The smart geopolitical scientists have been talking about higher interest rates, higher fuel prices and the slow breakdown on the global trade system – a toxic combination that will bring some countries who rely on cheap credit and international markets to their knees. Brazil, Iran, Germany and now China are all countries that have seen different degrees of economic expansion but are now wondering, at least for the next decade, how manage a slowdown. Take Brazil as an example. Despite the aggressive economic expansion and explosive export machine that exports everything from commercial airliners to computers, fear is growing as the government, now rocked with a string of scandals, with ex-leaders being dragged by the collar into prisons, is losing control of its society. Crime is rocketing with murder rate spiking to 175 murders each day. There is still a strong and expanding manufacturing sector but corruption at all levels of government seems to get worse. The new populist president who enters office soon, seems to like law and order and has threatened to stop crime and drugs that plague the nation.
We saw the rise of the Soviet Union in the 1950s and 60s, then the rise of Japan in the 1980s (remember when the Japanese Royal Palace in Tokyo was valued at a price more than the state of California?), and then the rise to the mighty European Union. Each one of these systems failed in the end for, of course, for different reasons. China was the darling of economic growth from 1995 to 2015, with GDP marked at 7.3 percent in 2014, which is now slowing to 6.7% and is expected to fall to 6.2% by 2020. China has too much debt and although the powerful central government can continue to build and manufacture for the foreseeable future, one day the pain of collapsing markets, of bursting bubbles will be exacted on the general population.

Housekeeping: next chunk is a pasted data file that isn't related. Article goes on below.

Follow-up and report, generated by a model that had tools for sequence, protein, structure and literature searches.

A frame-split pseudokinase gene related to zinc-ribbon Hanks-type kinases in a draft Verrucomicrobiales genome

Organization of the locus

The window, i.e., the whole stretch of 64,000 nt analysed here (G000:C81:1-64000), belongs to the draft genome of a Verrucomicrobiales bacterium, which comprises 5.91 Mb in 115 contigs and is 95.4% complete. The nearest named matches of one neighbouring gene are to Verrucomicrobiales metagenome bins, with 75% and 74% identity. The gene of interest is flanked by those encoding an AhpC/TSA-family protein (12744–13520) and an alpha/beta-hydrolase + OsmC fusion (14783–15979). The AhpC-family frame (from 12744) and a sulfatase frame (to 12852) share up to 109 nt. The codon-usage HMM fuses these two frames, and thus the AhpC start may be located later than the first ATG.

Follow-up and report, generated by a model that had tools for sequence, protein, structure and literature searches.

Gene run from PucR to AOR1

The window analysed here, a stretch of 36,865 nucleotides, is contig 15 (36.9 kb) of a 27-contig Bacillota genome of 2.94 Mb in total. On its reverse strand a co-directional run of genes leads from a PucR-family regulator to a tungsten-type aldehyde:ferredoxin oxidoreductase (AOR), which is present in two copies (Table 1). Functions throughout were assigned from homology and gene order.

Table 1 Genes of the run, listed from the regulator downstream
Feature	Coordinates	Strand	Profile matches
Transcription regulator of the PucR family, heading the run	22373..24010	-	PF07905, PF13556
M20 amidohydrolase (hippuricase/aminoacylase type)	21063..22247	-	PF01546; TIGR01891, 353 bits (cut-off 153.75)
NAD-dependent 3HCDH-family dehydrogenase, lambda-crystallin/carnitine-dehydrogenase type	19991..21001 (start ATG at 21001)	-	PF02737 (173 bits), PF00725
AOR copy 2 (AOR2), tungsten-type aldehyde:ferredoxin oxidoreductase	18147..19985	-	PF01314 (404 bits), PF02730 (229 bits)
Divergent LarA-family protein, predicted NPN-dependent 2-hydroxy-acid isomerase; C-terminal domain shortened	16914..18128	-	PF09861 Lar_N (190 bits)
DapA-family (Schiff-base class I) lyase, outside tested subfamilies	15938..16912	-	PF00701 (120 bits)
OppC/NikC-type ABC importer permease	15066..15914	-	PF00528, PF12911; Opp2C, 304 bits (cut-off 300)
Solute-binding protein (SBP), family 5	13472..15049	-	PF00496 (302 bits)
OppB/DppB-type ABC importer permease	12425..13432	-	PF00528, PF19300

The growing consistency of weak economic releases is now a concern for even the most bullish economists when speaking about China. Still, most numbers released from China are of little value as only the government knows what is happening in the country. Note that they is a growing fear of a new Mao coming to office.
Chinese capital flight has been shockingly high with $324 billion leaving in 2014 and within two years, the number reported as doubling to $725 billion according to the Institute of International Finance. More importantly, of wealthy Chinese surveyed, 46% said they would like to move abroad to destinations such as the United States, Canada and Australia as the main targets. But this growth has shocked the ruling class in China, triggering new laws and even arrests to take control of the future of the Middle Kingdom. The current leader, President Xi, consolidated power and had himself elected President-for-life recently while he had 1,500,000 million of his fellow citizens – comrades – who were party officials and business owners, arrested and thrown into jail. Mr Xi is preparing for a slowdown that could trigger riots in the streets, and those streets will belong this Xi Regime. Note that “Mao” was just Mao and now President Xi Jingping is just “Xi” as he is a true ruler.
Things are going to get a lot worse, in the coming 3 years in China.